The opinion of the court was delivered by: RAYFIEL
Some fifteen months ago an indictment was returned against the defendant, charging him with perjury. Shortly thereafter he moved for an order (1) directing the United States Attorney to furnish him with a bill of particulars and (2) permitting him or his attorney to inspect the transcript of his testimony before the Grand Jury. Argument was heard on the motion and on April 21, 1953, Judge Byers made an order granting defendant's motion to the extent that the United States Attorney was directed (1) to permit the inspection of the defendant's testimony before the Grand Jury at least fifth days prior to the date set for the trial of the indictment (emphasis added) and (2) to furnish the defendant with a bill of particulars to the effect that at the trial of the indictment the Government will present proof of certain facts specifically referred to in the said order.
The United States Attorney having failed to comply with Judge Byer's order, the defendant moved for an order directing him so to do.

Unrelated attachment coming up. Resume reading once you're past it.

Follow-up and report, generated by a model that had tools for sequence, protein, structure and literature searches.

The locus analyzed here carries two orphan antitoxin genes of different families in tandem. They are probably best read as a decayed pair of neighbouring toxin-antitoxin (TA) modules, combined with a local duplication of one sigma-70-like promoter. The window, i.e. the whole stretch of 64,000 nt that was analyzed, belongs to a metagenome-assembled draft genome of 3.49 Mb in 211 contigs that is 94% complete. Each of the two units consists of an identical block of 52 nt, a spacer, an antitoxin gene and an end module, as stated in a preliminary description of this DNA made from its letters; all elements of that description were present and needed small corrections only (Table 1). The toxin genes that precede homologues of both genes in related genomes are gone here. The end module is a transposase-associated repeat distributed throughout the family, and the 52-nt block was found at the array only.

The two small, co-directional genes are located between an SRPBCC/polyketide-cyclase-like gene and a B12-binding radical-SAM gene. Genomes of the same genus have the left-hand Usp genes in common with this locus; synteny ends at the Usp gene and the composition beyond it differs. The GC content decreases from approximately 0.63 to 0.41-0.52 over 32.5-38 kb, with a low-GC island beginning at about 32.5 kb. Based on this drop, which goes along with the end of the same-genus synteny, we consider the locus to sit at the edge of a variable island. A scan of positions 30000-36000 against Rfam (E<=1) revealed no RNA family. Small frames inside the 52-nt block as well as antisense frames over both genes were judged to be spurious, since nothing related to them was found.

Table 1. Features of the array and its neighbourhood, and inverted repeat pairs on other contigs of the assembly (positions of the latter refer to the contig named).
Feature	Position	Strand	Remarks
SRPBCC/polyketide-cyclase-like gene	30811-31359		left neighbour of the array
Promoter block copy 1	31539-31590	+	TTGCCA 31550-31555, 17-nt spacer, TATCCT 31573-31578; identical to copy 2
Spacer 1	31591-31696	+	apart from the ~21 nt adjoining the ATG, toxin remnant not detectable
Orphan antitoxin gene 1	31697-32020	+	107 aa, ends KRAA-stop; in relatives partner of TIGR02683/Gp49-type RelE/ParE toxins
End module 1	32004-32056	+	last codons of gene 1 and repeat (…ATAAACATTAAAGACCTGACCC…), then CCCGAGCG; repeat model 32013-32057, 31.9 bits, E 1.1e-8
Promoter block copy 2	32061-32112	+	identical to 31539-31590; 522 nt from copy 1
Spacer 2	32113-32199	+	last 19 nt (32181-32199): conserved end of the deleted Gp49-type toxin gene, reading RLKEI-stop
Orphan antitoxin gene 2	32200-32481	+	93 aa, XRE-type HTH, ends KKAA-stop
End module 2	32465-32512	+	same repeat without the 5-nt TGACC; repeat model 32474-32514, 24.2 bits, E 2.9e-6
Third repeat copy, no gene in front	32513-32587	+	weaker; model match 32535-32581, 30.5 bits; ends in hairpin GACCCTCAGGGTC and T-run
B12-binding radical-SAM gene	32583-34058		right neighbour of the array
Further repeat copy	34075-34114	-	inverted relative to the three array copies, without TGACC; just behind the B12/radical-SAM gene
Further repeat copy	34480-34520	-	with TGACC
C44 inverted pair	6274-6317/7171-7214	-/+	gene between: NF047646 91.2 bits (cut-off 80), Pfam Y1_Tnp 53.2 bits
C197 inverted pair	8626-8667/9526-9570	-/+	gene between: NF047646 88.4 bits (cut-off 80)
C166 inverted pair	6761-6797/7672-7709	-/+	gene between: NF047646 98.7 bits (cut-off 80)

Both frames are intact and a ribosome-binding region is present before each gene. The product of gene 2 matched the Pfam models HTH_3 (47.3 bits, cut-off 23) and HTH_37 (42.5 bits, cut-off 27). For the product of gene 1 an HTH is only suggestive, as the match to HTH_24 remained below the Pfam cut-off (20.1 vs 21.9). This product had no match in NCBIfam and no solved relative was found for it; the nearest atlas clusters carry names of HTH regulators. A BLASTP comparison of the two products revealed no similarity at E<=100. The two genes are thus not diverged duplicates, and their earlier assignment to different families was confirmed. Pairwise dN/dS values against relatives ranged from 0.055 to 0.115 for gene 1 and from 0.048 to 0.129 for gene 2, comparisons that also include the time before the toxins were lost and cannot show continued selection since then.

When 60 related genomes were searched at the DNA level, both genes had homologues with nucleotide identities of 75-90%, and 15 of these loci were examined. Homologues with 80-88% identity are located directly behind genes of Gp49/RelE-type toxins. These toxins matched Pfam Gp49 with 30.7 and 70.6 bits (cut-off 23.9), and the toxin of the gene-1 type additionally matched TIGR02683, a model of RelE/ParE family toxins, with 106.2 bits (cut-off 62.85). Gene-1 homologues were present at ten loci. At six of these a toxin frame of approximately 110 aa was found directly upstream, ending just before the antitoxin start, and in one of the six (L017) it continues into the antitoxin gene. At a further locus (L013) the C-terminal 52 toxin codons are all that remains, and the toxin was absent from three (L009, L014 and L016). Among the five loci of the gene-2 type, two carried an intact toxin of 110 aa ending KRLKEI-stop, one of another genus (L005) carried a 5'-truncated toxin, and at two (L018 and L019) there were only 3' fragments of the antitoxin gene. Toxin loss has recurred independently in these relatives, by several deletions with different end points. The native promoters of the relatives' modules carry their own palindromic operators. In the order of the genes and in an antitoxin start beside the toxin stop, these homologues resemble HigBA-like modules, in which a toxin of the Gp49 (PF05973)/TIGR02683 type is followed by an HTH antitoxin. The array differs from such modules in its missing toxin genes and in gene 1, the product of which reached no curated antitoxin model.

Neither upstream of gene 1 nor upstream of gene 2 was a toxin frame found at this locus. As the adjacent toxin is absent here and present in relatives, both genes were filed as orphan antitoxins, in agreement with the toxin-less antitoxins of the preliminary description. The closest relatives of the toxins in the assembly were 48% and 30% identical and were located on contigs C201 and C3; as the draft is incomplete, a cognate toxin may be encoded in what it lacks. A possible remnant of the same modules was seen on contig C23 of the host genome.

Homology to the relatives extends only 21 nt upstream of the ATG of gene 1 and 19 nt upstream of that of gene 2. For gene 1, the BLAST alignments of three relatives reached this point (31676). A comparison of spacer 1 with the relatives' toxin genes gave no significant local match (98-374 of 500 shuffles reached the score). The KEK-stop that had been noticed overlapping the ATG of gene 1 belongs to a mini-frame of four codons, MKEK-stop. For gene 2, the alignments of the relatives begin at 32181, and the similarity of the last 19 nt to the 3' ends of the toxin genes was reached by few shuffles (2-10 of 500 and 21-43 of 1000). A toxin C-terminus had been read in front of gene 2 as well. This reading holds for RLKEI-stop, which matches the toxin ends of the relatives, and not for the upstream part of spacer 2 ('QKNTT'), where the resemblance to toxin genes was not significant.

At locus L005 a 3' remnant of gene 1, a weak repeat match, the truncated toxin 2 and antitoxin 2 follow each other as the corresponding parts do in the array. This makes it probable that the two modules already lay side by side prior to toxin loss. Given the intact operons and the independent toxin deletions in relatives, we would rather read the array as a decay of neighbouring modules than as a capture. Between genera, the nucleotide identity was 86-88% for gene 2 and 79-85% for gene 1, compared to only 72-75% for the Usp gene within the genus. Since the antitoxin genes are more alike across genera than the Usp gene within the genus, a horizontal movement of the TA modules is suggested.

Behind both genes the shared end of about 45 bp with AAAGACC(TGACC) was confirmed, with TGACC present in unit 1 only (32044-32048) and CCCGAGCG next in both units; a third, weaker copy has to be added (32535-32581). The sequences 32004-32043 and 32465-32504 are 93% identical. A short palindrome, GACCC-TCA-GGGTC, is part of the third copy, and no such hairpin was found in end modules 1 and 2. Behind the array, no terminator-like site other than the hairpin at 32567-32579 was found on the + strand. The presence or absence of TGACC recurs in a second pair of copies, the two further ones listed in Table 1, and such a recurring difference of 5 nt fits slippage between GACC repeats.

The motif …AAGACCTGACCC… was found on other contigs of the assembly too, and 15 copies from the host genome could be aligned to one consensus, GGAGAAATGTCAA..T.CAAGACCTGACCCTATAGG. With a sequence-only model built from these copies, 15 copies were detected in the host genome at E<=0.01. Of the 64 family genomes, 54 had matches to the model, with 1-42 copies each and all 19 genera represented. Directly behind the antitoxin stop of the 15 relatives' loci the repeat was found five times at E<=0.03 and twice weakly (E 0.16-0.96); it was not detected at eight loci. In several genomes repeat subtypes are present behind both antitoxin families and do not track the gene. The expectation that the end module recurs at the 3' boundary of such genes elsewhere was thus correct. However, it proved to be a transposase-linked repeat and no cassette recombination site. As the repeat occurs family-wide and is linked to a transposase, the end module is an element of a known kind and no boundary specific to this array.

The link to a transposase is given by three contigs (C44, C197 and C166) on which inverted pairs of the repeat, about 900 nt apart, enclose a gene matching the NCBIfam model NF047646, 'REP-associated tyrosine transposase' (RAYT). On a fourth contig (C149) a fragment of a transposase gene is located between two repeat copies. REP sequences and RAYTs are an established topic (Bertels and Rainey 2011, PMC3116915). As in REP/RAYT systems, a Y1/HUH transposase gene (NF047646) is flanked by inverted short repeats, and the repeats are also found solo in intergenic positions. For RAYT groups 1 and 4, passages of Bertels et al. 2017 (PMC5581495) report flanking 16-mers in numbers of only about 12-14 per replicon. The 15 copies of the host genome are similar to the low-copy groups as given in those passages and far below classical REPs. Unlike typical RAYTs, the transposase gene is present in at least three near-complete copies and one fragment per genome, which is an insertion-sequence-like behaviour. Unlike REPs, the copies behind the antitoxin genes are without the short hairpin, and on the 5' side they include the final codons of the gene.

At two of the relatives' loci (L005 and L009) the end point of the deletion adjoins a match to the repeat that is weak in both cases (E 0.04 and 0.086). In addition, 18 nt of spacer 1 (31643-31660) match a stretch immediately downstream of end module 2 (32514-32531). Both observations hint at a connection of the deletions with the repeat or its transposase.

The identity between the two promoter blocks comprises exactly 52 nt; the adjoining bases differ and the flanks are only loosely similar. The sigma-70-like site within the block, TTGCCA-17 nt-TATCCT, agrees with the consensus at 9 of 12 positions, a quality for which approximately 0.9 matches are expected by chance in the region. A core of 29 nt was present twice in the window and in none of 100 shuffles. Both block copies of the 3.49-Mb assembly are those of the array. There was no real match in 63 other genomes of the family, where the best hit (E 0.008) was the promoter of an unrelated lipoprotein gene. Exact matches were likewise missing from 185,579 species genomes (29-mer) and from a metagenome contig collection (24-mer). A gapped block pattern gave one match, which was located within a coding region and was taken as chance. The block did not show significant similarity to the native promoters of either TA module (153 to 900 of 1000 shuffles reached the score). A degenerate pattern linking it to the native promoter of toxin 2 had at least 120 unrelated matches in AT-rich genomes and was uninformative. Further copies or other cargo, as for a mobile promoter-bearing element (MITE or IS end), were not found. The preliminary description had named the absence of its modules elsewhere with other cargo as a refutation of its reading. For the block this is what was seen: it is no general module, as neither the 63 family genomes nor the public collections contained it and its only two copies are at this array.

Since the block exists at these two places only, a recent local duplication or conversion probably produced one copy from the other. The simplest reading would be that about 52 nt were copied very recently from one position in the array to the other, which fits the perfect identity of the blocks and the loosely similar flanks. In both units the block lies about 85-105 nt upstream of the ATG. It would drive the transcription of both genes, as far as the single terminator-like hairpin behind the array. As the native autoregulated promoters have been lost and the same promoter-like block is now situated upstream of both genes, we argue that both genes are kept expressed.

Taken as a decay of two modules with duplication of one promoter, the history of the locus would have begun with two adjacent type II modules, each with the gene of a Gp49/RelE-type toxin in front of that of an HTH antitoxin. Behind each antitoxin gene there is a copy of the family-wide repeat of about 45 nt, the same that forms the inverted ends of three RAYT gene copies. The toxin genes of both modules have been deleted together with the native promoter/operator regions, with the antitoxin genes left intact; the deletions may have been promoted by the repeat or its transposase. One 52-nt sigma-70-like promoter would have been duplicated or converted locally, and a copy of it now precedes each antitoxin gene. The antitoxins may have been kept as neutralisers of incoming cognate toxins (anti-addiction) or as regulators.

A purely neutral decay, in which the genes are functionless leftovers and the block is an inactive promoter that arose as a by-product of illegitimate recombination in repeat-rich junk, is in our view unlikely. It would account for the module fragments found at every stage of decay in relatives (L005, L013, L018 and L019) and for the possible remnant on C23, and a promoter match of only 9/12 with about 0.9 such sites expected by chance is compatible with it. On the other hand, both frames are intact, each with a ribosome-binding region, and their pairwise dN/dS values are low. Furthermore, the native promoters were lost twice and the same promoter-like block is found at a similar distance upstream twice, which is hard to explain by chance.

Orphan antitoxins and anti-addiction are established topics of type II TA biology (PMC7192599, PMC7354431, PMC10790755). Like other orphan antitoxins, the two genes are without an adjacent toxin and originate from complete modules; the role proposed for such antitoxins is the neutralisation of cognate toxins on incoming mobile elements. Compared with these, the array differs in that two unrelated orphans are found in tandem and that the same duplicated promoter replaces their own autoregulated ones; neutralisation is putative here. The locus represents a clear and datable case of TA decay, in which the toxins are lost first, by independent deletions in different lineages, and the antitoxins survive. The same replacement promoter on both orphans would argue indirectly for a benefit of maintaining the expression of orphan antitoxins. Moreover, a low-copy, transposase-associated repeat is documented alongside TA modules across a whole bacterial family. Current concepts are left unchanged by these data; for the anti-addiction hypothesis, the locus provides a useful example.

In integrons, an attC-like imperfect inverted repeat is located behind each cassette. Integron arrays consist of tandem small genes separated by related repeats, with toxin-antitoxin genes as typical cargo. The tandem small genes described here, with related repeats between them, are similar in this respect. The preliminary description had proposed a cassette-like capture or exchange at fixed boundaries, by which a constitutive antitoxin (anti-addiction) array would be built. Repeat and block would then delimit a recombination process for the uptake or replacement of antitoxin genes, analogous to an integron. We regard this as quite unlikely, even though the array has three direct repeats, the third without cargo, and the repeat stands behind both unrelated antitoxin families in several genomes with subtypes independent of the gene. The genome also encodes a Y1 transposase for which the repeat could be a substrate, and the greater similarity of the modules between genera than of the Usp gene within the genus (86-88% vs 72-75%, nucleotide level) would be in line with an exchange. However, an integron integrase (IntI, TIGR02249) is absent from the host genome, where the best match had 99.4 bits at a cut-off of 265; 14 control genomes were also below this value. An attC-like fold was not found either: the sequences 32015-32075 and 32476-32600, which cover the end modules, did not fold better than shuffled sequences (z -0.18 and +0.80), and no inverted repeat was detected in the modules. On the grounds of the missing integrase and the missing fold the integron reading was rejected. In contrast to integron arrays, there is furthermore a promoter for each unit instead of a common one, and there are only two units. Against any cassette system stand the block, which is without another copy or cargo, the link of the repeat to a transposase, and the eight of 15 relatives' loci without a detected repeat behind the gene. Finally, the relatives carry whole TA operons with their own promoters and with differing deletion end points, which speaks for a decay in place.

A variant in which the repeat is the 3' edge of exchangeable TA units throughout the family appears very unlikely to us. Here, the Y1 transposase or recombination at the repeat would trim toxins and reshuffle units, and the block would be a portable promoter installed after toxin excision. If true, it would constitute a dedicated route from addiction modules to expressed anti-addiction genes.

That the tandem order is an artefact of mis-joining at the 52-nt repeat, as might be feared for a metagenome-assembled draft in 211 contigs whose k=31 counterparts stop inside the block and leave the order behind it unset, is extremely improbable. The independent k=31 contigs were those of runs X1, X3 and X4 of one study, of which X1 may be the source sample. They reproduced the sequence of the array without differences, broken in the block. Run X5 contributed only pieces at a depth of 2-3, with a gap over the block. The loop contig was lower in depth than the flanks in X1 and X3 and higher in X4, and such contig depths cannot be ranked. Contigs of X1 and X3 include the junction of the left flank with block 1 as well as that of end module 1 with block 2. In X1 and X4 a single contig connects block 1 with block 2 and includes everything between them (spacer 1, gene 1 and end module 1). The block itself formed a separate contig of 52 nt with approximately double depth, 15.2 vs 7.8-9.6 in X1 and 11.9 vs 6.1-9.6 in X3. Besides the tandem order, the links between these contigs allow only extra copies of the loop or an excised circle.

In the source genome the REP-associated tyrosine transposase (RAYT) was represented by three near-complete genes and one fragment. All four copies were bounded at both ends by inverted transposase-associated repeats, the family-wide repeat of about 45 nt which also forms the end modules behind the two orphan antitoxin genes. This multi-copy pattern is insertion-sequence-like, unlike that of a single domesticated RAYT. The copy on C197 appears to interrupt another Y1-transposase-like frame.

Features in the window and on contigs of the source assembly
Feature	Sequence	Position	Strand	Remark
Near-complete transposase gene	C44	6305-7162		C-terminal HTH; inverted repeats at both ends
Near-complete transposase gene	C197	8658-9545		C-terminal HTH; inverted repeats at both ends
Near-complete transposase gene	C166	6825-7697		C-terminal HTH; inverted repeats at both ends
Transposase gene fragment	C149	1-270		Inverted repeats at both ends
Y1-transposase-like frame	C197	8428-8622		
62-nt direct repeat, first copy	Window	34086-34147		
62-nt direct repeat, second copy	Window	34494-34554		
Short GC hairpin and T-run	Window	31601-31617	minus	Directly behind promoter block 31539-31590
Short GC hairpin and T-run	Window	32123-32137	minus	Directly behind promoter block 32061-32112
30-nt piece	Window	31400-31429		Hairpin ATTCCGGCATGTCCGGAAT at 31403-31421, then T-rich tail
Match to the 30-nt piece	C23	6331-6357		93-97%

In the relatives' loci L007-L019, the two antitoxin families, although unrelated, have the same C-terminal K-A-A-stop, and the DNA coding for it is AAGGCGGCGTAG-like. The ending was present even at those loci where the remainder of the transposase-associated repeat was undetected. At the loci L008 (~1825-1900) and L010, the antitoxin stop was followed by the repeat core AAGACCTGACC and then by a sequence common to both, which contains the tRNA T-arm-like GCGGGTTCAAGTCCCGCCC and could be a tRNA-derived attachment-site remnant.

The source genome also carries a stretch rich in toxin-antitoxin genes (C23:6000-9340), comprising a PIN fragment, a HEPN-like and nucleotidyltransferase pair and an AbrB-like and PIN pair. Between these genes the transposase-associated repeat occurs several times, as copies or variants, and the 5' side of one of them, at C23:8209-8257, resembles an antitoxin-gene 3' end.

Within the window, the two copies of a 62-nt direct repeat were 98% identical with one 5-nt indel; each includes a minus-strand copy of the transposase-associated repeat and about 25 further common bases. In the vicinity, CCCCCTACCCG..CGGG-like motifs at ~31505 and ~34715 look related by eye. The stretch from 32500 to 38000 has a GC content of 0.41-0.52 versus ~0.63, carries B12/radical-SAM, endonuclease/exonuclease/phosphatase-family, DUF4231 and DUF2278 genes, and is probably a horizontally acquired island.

In addition to the aforementioned perjury indictment the said Grand Jury returned an indictment against the defendant charging him with the evasion of certain income taxes, founded on testimony which included that which formed the basis of the perjury indictment. A motion was made in the case involving alleged income tax evasion for leave to inspect the minutes of the Grand Jury and on March 25, 1953, an order was made by Chief Judge Inch denying the said motion in all respects.
Thus there are presently in force two orders which, in one respect, may be in conflict with each other. The granting of the instant application would, in effect, constitute, in part, a contradiction of the order of Chief Judge Inch.
On the argument of the instant motion the United States Attorney stated that the trial of the indictment charging tax evasion is scheduled to commence on June 8, 1954, and would probably consume all of the June term of the Court. He further stated that the trial of the perjury indictment, if held at all, could not be reached until the late fall of 1954.
Since the argument of the motion the United States Attorney has written to this Court (a copy of the letter was sent to counsel for the defendant) to the effect that he had communicated with Mr. George W. Percy, Jr., a former Assistant United States Attorney, who argued the motion before Judge Byers, and that Mr. Percy had stated that it was his clear understanding that there would be no inspection of the transcript of the defendant's testimony before the Grand Jury until after the conclusion of the trial of the indictment charging tax evasion.
Accordingly, the defendant's motion is denied.
© 1992-2004 VersusLaw ...